When Rama first exhibited her work in 1945 at Turin’s Faber Gallery, the show was abruptly shut down by the police for public indecency. Over 25 works were lost or destroyed as a result. This incident prompted Rama to explore more abstract avenues for exploring similar subject matter. Moving from figuration to expressionist collage, she continued to create works that growled and licked and scratched, never aligning herself with any particular movement, tradition or man.
Rama’s abstract works, it turned out, were even more ghastly than her figurative depictions, the kind of nonsensical scary most of us only encounter in a dream state. Her canvasses are first covered with oozing globs of black, red and brown, then sprinkled with objects like doll eyeballs, fingernails or dirty syringes. The paintings resemble botched autopsies, glimpses inside bodies that refuse to remain silent any longer, their bloody insides at long last coming out to play.
With her 1950s and ‘60s work, which she called bricolages, Rama took the unbound body one step further, exorcising all unnecessary parts like hair and skin. This is body horror at its finest, inspiring a mix of terror and fascination in the viewer. Rama threw the unknowability of our own bodies back at us, illuminating that few real-life monstrosities can compare to the excrescence of our own blood and guts.
Rama went on to fold themes into her work that inspire feminist horror of all genres to this day. For example, one series titled “Omens of Birnam” is based on the Three Witches in “Macbeth,” who use their powers to control the fates of men. Rama was enthralled with mythical, occult women, a subject which was recently explored in 2016’s “The Witch.”
For another series, Rama worked with textiles to transfigure the traditional bridal gown, eschewing traditional white for black frocks accentuated with red gashes and welts. Blood-splattered wedding dresses, symbolizing the perversion of purity, have become a horror flick mainstay, most memorably appearing in prom dress form in “Carrie.”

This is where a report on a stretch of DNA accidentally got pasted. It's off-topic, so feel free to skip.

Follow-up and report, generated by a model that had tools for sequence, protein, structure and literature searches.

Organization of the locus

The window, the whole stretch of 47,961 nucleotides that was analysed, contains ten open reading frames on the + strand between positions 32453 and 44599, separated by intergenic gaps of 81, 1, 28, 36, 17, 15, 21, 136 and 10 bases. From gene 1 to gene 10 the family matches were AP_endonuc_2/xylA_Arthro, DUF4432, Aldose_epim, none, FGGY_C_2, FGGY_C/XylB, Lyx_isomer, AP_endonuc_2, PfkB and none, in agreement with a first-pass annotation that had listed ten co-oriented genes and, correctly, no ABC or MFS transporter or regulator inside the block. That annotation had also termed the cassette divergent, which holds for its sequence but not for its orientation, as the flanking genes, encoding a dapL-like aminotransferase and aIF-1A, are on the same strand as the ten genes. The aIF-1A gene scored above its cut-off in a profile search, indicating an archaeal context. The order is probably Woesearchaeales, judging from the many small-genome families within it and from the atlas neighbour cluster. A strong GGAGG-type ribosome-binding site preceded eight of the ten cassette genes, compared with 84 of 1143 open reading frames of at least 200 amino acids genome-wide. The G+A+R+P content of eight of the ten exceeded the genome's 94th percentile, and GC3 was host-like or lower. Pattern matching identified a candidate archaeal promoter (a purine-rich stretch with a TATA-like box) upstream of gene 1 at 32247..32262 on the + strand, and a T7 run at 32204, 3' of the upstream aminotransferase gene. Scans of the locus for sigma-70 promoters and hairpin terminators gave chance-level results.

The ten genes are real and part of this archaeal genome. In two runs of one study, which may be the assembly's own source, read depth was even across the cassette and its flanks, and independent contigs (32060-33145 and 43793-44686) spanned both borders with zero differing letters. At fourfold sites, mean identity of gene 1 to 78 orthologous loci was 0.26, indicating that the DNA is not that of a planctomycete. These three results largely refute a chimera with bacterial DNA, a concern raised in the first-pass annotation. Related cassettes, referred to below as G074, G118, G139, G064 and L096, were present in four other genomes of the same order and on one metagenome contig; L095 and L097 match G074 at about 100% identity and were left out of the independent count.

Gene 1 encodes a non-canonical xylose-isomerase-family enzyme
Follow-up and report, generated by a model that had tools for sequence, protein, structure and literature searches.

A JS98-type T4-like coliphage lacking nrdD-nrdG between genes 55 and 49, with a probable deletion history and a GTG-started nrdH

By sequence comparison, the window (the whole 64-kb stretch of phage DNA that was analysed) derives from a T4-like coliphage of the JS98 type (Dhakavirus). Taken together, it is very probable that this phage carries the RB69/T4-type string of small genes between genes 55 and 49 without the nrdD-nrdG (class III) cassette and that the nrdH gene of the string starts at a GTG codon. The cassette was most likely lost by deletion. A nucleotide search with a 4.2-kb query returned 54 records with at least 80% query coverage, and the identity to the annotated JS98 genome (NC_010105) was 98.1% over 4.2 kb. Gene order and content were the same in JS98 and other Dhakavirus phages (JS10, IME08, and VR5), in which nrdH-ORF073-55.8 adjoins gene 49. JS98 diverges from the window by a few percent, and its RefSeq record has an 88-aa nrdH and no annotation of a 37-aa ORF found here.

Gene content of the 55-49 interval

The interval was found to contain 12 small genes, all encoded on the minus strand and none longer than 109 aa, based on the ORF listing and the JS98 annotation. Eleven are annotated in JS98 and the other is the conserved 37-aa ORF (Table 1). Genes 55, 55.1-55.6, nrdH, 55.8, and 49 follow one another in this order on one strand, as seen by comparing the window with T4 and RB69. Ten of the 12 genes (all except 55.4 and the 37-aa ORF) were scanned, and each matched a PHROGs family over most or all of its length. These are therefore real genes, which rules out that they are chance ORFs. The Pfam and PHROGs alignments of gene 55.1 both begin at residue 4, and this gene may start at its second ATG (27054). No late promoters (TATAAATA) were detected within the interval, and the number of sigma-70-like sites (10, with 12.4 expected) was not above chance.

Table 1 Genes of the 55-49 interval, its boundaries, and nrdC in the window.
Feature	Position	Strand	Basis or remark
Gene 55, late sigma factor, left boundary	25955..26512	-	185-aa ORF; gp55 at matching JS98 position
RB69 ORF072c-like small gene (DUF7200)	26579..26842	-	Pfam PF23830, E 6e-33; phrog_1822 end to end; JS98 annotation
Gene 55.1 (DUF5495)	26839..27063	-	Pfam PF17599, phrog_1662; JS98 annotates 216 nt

In the 1990s, Rama became fixated, along with much of the world, on bovine spongiform encephalopathy, a deadly illness also known as mad cow disease. Research revealed that an epizootic in the U.K. was a result of cattle being fed a cattle meat-based product, therefore unwittingly committing cannibalism time and time again. Infected beasts would convulse wildly as their brains deteriorated, a visceral physical manifestation of their mental anguish.
In this bizarre tale of cannibalism and madness, Rama glimpsed her own story, and the story of womankind. She connected human’s hunger for cow meat with men’s hunger for women’s flesh, thereby aligning pornography with cannibalism. “The feminine body is meat and animal meat is a body that has been sexualized by the normative heterosexual gaze,” Beatriz Preciado writes in The Passion According to Carol Rama.
The madness that results from this cannibalistic chain of bodies consuming bodies, Rama believes, has been cast over time as “female hysteria.” The artist summed up her conclusions by stating, “The mad cow is me and that has given me joy, an extraordinary joy.” Her mad-cow-centric works take the shape of large-scale collages featuring pieces of rubber cut in the shapes of breasts, testicles and meaty sacs. It’s hard to decipher which parts are food and which are not.
In the film “Raw,” eating meat serves as a metaphor for self-discovery and self-empowerment, feasting off others to strengthen oneself. The taboo act of eating meat generates a chain of rule-breaking discoveries ― some sexual, others psychological, some straight-up cannibalistic. The film offers an empowering alternative to Rama’s mad cow premonition ― finally a woman gets to do the consuming, for once.
Today, it still qualifies as news when a “unlikable woman” appears on television. Yet decades ago, in the 1940s, Rama was pushing boundaries by depicting, in dainty watercolor, a woman sticking out her tongue while spreading her cheeks and taking a shit.
Throughout her life, Rama followed no “masters,” accepted no instruction and adhered to no tradition. Her oeuvre is as loose and leaky as the innards of a dead animal. She preferred to work untrained and untethered, thus making art which which she believed “belonged to everybody,” because “madness is close to everybody” ― male or female, man or beast. Sadly, she did not receive widespread acknowledgment for her work until she was in her 80s. Even now, she remains largely unknown and underappreciated, especially given the unorthodox and insurgent nature of her work.
In subject matter and style, Rama’s work most closely resembles work made decades after her ― by artists working in film, music and television. A true pioneer of the monstrous feminine, Rama realized the brutality inflicted on women’s bodies and minds and the seed of pleasure buried within that brutality. Embrace the depravity, she teaches, embrace the lunacy, embrace everything. When there is desire, even amidst unbearable suffering, there is joy.